With his old age, Rahmon was thought to avoid registering for the presidency and it was believed that his 32-year-old son, Rustam, would join the race. But speculations went wrong as the president last month officially announced that he would run for a fifth term.
His son was picked speaker of the Supreme Assembly, equal to the senate, earlier this year and is expected to fill his father’s presidency post after retirement. Rustam is simultaneously the mayor of the capital Dushanbe.
The constitution was reviewed in 2016 and the legal age for the candidacy was reduced to 30 from 35 years old, something viewed by experts a preparation of the ground for the transition of power to the son. In 2015, the Supreme Assembly granted Rahmon the title of “national leader”, giving the president immunity from legal prosecution for life.
The old age of the president may prove an obstacle ahead of the president doing his duty in the next seven years. But his son's existence in the post of speaker of the Supreme Assembly can assure the family that in case of death or resignation of the president, the power will remain in the family.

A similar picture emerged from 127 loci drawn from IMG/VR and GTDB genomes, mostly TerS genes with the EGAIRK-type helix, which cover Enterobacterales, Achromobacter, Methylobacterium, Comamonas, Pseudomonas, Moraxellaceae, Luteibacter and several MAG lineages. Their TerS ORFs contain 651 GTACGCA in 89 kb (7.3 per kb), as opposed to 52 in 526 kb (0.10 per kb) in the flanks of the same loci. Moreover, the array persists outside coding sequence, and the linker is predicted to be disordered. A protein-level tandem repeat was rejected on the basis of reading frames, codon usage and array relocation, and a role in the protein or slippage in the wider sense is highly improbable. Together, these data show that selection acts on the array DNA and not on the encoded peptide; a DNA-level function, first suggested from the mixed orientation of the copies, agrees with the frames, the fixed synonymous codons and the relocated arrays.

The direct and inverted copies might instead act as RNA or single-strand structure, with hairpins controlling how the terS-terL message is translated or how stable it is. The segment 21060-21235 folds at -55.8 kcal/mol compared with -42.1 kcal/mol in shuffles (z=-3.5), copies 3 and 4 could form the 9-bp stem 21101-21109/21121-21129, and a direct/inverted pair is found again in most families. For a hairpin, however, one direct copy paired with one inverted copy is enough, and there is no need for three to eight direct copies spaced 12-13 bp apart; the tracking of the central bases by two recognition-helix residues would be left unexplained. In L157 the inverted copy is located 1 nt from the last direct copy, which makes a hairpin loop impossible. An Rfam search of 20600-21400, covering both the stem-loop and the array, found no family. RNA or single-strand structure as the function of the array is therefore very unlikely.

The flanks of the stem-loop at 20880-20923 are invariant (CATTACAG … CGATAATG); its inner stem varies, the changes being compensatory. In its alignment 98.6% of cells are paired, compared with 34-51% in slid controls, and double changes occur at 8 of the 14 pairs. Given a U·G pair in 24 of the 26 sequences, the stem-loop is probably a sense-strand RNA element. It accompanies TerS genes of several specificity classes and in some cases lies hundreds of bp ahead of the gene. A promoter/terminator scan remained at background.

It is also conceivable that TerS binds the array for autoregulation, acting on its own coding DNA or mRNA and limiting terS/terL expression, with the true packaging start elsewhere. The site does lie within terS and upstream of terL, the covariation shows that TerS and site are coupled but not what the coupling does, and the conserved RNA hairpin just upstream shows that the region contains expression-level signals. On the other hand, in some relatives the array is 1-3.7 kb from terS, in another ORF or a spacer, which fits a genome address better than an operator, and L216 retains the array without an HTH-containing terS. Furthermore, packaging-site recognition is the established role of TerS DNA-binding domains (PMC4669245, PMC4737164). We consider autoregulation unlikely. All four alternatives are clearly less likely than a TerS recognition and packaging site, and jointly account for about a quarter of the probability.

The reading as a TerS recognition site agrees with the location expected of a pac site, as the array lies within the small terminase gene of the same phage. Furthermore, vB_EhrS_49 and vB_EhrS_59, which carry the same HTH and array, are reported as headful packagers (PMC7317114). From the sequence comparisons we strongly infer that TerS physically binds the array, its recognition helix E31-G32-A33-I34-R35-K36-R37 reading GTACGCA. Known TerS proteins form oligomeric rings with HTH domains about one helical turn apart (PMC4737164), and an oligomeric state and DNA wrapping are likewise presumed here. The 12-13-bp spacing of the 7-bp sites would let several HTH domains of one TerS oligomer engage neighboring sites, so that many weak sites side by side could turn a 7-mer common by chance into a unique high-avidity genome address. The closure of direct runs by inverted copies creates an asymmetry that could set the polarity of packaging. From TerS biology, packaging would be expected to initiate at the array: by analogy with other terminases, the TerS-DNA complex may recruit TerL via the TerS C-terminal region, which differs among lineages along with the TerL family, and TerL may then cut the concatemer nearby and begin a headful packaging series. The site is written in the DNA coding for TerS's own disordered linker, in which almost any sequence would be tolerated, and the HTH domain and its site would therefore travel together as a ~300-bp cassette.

Experts suggest that the constitutional review was to facilitate the son’s path to the replacement of his father. He keeps company of his father in many images circulated nationwide and thus he is a familiar face to next take the post of presidency. The prediction of the election result is never a hard job, as certainly Rahmons will lead the country at least to a known future.
A day after the election, the election commission stated that Rahmon again won the post with 90 percent of the votes. It continued that over 85 percent of the eligible voters participated.
By winning in an election boycotted by the opposition forces, Rahmon will stay in power up to 2027, continuing to hold a post he held for the past three decades.
Rahmon push for a large turnout
The voting process started at 6 am in 3375 polling stations, with about 5 million casting their votes.